Across the country, training for direct care workers differs based upon state policies. Many states, including Colorado, lack a comprehensive, uniform training system which exists across providers. While some agencies provide comprehensive training, this isn’t guaranteed, and there are often gaps between what’s needed and what’s provided. Vague or inadequate training standards are especially problematic as the need for more specialized care increases.

States are taking a variety of actions to ensure workers have the training they need to succeed. With legislation, Iowa created a Direct Care Worker Task Force and Direct Care Worker Advisory Council, which in-turn developed the Prepare to Care Curriculum. This is a “comprehensive training package that prepares people to work in a variety of direct care settings.” Providers can voluntarily adopt this curriculum, which has been shown to increase provider efficiency and decrease worker turnover.

Though less holistic than work in Iowa, other states have also taken important steps to increase worker training standards and opportunities. For example, in response to their state’s changing needs, Arkansas and California expanded and tailored their personal care aide curriculum training requirements. Others, like Wisconsin, funnel funds to direct care worker training programs in an effort to grow access to quality programs.

Creating Career Pathways

A lack of meaningful career advancement opportunities is a major impediment to Colorado’s ability to attract and retain a quality direct care workforce. This gap is preventing workers from expanding their skills, growing their paychecks, and taking on increased responsibility. To address this problem, states are utilizing existing infrastructure to develop new opportunities. For example, Washington state leverages their workforce development councils to create new career ladders. Massachusetts developed a separate Extended Care Career Ladder Initiative, and invested $5 million to encourage “nursing homes and home care agencies to collaborate with community based organizations, career centers, local workforce investment boards and community colleges to improve knowledge and skills for staff and to provide career ladder opportunities.”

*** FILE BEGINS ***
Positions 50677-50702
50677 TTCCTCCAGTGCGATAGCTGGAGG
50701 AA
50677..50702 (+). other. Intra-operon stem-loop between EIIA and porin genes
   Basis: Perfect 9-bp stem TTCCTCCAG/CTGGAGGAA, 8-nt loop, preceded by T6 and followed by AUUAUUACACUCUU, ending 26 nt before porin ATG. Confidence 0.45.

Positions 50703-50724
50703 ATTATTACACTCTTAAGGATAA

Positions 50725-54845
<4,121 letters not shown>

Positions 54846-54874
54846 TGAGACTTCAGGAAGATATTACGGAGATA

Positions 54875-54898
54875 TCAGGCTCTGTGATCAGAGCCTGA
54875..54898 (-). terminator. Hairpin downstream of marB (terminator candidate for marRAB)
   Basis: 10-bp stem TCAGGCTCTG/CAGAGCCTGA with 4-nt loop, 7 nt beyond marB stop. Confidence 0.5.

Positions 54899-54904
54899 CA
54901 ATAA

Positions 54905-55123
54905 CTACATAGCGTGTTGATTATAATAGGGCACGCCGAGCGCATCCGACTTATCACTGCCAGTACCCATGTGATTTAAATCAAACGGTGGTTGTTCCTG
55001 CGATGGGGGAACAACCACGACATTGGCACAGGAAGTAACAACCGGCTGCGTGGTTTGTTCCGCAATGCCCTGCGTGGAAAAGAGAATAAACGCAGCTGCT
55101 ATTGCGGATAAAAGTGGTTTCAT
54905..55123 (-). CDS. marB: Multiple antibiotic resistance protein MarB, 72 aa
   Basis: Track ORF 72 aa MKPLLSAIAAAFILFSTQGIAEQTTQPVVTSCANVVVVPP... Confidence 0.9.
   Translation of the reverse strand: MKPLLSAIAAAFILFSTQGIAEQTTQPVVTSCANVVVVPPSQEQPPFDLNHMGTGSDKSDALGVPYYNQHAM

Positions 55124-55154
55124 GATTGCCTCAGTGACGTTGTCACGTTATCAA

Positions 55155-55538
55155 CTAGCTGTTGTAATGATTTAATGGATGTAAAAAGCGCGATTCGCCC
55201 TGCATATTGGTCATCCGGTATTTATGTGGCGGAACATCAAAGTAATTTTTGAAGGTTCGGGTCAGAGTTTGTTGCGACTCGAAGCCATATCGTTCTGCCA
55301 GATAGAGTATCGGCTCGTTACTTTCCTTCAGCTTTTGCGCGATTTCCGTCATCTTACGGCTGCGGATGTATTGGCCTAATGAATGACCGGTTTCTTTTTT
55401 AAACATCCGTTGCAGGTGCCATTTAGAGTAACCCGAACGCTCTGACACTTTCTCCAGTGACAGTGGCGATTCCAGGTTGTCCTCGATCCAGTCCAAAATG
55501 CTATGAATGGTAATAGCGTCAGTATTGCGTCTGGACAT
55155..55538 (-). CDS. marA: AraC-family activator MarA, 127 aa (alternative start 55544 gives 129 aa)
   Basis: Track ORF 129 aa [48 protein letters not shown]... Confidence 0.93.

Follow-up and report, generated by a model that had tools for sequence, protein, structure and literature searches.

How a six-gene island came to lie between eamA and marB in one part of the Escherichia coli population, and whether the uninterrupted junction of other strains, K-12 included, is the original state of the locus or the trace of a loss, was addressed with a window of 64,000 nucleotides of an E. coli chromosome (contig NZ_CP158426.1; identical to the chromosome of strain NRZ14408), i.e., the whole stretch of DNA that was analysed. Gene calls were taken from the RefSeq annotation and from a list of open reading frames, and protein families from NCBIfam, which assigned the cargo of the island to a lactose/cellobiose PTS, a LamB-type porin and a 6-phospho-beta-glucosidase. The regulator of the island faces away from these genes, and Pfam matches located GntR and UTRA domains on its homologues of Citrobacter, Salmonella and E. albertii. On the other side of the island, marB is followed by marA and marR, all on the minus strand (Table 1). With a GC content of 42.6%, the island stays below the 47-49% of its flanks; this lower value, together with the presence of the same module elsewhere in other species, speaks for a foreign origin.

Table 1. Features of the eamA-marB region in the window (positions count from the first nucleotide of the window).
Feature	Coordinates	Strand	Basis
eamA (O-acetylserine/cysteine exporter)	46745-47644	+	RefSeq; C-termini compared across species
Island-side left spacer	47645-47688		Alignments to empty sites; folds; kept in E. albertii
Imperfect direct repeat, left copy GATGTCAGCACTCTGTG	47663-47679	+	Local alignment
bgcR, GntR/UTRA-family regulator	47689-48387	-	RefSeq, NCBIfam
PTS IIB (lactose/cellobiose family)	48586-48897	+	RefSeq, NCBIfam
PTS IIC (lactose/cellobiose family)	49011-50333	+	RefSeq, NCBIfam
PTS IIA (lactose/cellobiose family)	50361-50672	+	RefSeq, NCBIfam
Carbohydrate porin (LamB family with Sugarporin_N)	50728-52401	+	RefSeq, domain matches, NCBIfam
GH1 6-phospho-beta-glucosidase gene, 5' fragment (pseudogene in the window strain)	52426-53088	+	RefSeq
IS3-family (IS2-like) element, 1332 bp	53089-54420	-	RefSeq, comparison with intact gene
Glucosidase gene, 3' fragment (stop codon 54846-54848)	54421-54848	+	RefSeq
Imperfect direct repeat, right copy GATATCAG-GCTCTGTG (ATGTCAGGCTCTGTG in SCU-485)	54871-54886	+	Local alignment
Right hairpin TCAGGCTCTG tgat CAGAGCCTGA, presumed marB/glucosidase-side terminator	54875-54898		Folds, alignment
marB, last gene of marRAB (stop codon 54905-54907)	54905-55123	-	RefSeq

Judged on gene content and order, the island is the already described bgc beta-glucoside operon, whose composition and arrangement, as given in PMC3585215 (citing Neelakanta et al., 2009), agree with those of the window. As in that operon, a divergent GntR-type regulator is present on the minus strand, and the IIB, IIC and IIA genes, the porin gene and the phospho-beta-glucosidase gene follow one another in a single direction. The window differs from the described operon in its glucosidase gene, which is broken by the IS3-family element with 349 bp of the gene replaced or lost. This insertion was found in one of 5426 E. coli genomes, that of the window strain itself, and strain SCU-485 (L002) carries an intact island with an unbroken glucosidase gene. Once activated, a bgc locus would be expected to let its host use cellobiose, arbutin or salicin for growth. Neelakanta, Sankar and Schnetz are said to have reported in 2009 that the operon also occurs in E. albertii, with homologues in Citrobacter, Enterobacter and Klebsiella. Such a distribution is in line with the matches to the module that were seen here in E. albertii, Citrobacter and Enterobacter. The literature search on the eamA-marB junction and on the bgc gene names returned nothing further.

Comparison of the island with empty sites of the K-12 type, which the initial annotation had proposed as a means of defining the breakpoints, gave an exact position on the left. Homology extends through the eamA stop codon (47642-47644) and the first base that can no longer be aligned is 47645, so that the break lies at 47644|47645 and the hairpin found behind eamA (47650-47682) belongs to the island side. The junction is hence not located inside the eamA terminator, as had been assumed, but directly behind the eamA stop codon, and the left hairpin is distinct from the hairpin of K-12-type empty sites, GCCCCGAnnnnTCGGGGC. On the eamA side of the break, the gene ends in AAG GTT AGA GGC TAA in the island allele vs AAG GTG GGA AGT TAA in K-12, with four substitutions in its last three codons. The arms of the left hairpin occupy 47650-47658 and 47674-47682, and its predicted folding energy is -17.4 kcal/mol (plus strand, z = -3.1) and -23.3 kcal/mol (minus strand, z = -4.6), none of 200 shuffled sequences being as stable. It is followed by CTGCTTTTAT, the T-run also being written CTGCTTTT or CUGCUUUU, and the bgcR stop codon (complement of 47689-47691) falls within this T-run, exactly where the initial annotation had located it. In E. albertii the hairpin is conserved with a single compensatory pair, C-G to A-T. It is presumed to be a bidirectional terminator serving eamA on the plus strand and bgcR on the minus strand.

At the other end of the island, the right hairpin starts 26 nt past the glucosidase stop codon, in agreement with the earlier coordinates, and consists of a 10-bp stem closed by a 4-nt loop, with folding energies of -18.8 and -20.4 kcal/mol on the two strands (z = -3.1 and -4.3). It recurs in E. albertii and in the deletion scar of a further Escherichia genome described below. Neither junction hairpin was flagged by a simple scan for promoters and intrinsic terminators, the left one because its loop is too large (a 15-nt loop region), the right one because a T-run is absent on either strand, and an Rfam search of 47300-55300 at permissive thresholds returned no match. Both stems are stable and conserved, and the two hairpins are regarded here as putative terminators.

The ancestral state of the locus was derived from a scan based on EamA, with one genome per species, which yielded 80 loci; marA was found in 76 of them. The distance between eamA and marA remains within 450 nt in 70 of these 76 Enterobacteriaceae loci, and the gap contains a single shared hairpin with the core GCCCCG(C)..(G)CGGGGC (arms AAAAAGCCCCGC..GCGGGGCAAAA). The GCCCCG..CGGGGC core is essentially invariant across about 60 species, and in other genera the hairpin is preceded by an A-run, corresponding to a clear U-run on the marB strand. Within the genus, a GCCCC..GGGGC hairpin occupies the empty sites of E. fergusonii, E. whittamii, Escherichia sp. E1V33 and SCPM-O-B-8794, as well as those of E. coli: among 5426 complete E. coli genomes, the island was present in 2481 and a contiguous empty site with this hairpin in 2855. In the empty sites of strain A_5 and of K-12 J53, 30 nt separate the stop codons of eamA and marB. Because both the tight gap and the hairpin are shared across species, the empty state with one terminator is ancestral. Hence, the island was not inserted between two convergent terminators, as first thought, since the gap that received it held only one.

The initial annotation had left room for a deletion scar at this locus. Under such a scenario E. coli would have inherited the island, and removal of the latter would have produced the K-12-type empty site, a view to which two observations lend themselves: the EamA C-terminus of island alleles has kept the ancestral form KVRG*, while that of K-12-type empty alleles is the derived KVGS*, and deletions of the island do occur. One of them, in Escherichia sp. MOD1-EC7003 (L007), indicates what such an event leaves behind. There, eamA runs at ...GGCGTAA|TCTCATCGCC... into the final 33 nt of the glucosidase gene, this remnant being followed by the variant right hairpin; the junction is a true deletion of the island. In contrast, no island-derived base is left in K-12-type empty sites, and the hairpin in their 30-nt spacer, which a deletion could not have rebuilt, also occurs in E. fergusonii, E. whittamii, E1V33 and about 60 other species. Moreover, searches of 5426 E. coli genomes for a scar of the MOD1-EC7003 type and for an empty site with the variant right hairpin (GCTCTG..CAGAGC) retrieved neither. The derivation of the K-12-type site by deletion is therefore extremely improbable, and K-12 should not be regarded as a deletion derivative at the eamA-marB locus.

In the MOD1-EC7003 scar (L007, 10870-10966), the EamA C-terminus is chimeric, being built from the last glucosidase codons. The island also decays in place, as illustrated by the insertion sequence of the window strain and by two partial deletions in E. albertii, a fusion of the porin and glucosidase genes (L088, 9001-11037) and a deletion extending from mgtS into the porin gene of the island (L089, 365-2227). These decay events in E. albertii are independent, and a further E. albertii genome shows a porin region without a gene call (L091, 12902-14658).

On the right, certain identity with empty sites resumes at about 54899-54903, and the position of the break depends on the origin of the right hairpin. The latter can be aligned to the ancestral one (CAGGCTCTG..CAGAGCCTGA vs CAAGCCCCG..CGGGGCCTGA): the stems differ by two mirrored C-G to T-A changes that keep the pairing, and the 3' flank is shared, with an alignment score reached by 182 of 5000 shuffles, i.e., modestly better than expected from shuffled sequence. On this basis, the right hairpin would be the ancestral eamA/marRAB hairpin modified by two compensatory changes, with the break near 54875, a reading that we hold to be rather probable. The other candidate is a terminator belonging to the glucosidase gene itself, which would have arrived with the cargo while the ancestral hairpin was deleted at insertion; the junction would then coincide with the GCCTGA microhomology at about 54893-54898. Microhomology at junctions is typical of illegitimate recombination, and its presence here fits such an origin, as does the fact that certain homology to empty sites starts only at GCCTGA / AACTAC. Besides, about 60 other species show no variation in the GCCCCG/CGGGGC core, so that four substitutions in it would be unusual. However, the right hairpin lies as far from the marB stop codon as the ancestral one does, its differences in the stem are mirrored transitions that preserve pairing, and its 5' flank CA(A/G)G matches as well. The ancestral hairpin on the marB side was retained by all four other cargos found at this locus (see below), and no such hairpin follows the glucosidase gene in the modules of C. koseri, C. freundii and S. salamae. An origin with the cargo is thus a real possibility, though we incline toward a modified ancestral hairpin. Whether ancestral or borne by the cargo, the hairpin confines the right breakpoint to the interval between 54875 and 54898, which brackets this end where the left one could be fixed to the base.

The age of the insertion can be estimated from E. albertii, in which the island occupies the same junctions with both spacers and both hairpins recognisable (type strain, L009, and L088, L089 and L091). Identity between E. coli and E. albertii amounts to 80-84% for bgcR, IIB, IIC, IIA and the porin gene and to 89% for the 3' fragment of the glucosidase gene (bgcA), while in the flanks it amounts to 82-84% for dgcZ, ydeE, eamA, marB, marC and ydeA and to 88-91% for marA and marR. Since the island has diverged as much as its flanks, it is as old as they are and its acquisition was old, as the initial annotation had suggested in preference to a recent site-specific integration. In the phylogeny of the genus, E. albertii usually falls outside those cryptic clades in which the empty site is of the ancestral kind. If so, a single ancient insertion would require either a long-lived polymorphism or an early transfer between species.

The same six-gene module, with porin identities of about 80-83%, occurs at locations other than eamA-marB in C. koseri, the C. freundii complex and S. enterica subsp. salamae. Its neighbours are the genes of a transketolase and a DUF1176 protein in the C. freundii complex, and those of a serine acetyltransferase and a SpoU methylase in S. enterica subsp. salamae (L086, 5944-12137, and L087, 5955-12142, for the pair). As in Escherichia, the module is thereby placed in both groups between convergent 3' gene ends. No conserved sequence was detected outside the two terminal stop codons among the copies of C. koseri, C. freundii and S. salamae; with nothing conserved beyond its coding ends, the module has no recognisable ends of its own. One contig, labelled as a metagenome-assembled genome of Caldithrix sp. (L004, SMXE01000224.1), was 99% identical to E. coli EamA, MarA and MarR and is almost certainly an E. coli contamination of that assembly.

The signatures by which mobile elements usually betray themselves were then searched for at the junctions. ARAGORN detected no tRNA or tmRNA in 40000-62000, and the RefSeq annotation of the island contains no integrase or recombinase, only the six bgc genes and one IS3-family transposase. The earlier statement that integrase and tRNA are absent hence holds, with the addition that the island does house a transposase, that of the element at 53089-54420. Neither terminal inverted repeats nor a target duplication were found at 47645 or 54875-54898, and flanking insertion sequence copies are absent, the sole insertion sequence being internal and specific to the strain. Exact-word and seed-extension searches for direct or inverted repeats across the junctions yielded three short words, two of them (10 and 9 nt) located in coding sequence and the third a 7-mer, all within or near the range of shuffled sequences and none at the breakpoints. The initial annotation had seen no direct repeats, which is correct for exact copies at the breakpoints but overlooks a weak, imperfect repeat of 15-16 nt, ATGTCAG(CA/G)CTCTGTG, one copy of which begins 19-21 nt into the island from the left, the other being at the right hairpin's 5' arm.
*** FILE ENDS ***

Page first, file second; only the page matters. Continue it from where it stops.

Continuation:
As part of these efforts, some states are also developing new direct service positions which require more training, entail greater responsibility, and have higher rates of pay. New York City, for example, piloted a home care, field support position. Individuals in these positions provided peer-to-peer support and mentorship for new direct care workers. When evaluated, organizations which hired for these positions had a 10 percent lower turnover rate. However, without additional funding, the pilot ended. More successful and sustained efforts like those in Indiana allow certified nursing assistants who receive additional training to administer routine medications. Higher wages come with these increased responsibilities.

Increasing Worker Protections

Direct service work is often challenging, but overlooked. To ensure workers have the support they need to thrive, cities and states have adopted different supports for these workers:

To further support direct care workers, New York City created a new Paid Care Division within the Office of Labor Policy and Standards. Created in 2016, the division develops policies regarding the paid care workforce and educates paid care workers about their rights and available resources. The Division also enforces worker rights and offers a centralized location for employees to lodge workplace complaints. As Mayor de Blasio noted, the department works to “actively address — through referrals to direct service providers, policy advocacy, and research — the poor working conditions and the high rate of workplace law violations faced by paid care workers.”

Several states, including Illinois, Hawaii, California, New York, and Nevada have also created Domestic Workers’ Bills of Rights. Often inclusive of workers beyond solely direct care—including housekeepers and nannies—these efforts offer different supports to workers—including protections from harassment, defined overtime regulations, and civil rights enforcement mechanisms.

To meet the state’s growing long-term care needs, Colorado must develop a strong direct service workforce. To do this, several large hurdles need to be addressed, including low wages, poor training, and limited career ladders. Developing solutions to these various needs will be complicated, however, Colorado can learn from research and efforts in other states, individualize solutions, and create tailored responses to support our caring workforce.